Knowing where to start requires some preparation time. Confronted with the initial scan result, we review the findings to prioritize and categorize. While the priority will help you specify an action sequence, categorization is vital to group similar problems since those typically also have an identical solution.
SecurityBridge customers have this simplified since all findings have a severity (Low, Medium, High, Very High) and a vulnerability category (Backdoor, Insufficient, or discriminated authorization check, Access to password hashes, etc.).
Define the Cleanup-Methodology
Equipped with this information, we must define the cleanup methodology. Based on our experience, it is particularly important to keep the approach simple since it will have to be adopted by your development teams.
The most effective and accepted methodology is not to create a big code cleansing project to eliminate all findings at once. Better define your approach to get into the established development cycle.
Finding the best way can be very individual to your situation. For example, some development teams still organize their work in a project mode, leading to stressful phases followed by stabilization periods. The development isn’t loaded in the later phase, which sometimes can mean that some developers need to leave the project team until a new project starts. This causes a loss of valuable knowledge and creates an opportunity for your cleanup initiative.
What should you consider for SAP Legacy Coding?
Choosing the right approach will help you gradually reduce the severe vulnerabilities existing in the legacy coding while ensuring that no new vulnerabilities get introduced.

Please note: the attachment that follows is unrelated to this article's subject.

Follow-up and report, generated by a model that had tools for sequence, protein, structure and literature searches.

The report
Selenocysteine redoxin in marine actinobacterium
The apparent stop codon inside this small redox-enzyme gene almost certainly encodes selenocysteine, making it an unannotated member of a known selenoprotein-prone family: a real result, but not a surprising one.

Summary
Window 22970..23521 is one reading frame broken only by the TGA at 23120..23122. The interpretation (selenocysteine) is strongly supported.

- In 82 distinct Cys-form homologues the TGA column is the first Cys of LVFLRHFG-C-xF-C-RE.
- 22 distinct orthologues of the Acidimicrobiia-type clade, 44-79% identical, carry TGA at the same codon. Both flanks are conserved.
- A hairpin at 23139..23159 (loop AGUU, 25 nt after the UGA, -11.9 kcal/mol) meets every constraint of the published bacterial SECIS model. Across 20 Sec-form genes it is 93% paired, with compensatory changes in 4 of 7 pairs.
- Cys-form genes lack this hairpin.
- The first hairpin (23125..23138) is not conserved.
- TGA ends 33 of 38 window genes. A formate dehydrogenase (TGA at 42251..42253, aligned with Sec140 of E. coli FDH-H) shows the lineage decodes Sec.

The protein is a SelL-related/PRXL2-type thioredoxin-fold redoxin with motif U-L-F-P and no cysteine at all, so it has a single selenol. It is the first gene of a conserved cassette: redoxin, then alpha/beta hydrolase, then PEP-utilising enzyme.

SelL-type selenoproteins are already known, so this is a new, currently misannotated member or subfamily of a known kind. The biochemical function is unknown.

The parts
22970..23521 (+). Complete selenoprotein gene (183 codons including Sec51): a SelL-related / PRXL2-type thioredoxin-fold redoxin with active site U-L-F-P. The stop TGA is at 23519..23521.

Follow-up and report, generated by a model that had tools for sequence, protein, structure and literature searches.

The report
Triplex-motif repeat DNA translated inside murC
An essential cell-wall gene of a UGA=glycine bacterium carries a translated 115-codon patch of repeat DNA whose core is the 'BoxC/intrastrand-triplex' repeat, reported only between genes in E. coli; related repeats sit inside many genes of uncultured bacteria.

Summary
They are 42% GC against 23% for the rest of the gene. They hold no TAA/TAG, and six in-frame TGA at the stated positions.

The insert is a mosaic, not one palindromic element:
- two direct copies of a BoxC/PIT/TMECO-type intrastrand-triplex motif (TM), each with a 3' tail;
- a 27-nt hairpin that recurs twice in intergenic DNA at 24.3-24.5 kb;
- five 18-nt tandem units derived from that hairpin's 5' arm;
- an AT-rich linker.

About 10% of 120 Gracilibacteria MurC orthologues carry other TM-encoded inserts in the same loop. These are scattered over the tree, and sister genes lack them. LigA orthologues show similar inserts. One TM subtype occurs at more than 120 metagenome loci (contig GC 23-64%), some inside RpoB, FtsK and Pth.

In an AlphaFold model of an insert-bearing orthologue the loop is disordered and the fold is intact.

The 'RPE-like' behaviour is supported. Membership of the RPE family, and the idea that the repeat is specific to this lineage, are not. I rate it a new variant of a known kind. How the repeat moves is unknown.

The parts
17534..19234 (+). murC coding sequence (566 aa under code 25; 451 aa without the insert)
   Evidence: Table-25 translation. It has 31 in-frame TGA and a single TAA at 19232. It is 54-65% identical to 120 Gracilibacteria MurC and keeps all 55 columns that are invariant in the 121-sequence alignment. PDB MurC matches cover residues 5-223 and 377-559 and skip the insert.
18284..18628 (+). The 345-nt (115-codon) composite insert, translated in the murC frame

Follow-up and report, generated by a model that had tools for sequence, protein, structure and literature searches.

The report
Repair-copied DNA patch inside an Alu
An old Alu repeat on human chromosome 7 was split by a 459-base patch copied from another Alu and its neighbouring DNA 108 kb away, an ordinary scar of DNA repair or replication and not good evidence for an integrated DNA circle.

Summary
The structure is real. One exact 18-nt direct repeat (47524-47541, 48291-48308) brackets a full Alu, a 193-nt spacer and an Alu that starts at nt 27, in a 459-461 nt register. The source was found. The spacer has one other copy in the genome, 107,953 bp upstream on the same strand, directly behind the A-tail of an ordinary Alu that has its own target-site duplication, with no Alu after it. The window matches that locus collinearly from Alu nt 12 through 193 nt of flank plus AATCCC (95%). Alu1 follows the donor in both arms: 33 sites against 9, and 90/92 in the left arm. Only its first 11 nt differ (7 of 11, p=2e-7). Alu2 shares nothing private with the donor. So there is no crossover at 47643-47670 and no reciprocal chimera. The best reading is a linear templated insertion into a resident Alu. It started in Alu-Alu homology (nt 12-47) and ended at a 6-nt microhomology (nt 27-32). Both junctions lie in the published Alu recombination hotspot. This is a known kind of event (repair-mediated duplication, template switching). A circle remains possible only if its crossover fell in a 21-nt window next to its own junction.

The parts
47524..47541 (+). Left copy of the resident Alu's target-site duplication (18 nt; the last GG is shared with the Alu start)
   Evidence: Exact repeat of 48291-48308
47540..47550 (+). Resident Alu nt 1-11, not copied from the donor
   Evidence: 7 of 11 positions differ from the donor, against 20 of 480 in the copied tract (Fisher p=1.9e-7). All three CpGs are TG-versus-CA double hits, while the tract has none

Approach the legacy findings:
Leverage the priority and category of findings to come up with a “must-fix,” “can-fix,” and “don’t touch” methodology to introduce a simple rule system for your dev teams. No need to explain “must-fix.” You should fix those findings, or else the coding cannot pass the established quality gate at the SAP transport release. The “can-fix” findings fall into the responsibility of the individual developer. In case the situation allows for a correction, it can be done. For example, if project time constraints exist or the correction’s impact is too big, it may be done, at a better time.
Analyze the usage of legacy code:
It is vital to analyze whether the code is still used. If you find fragments not in use anymore, it is better to eliminate the code. This helps you reduce the attack surface of your SAP S/4HANA significantly. Expert Tip: You may want to keep the coding for reference later, then you can comment it out.
Introduce code security during the development process: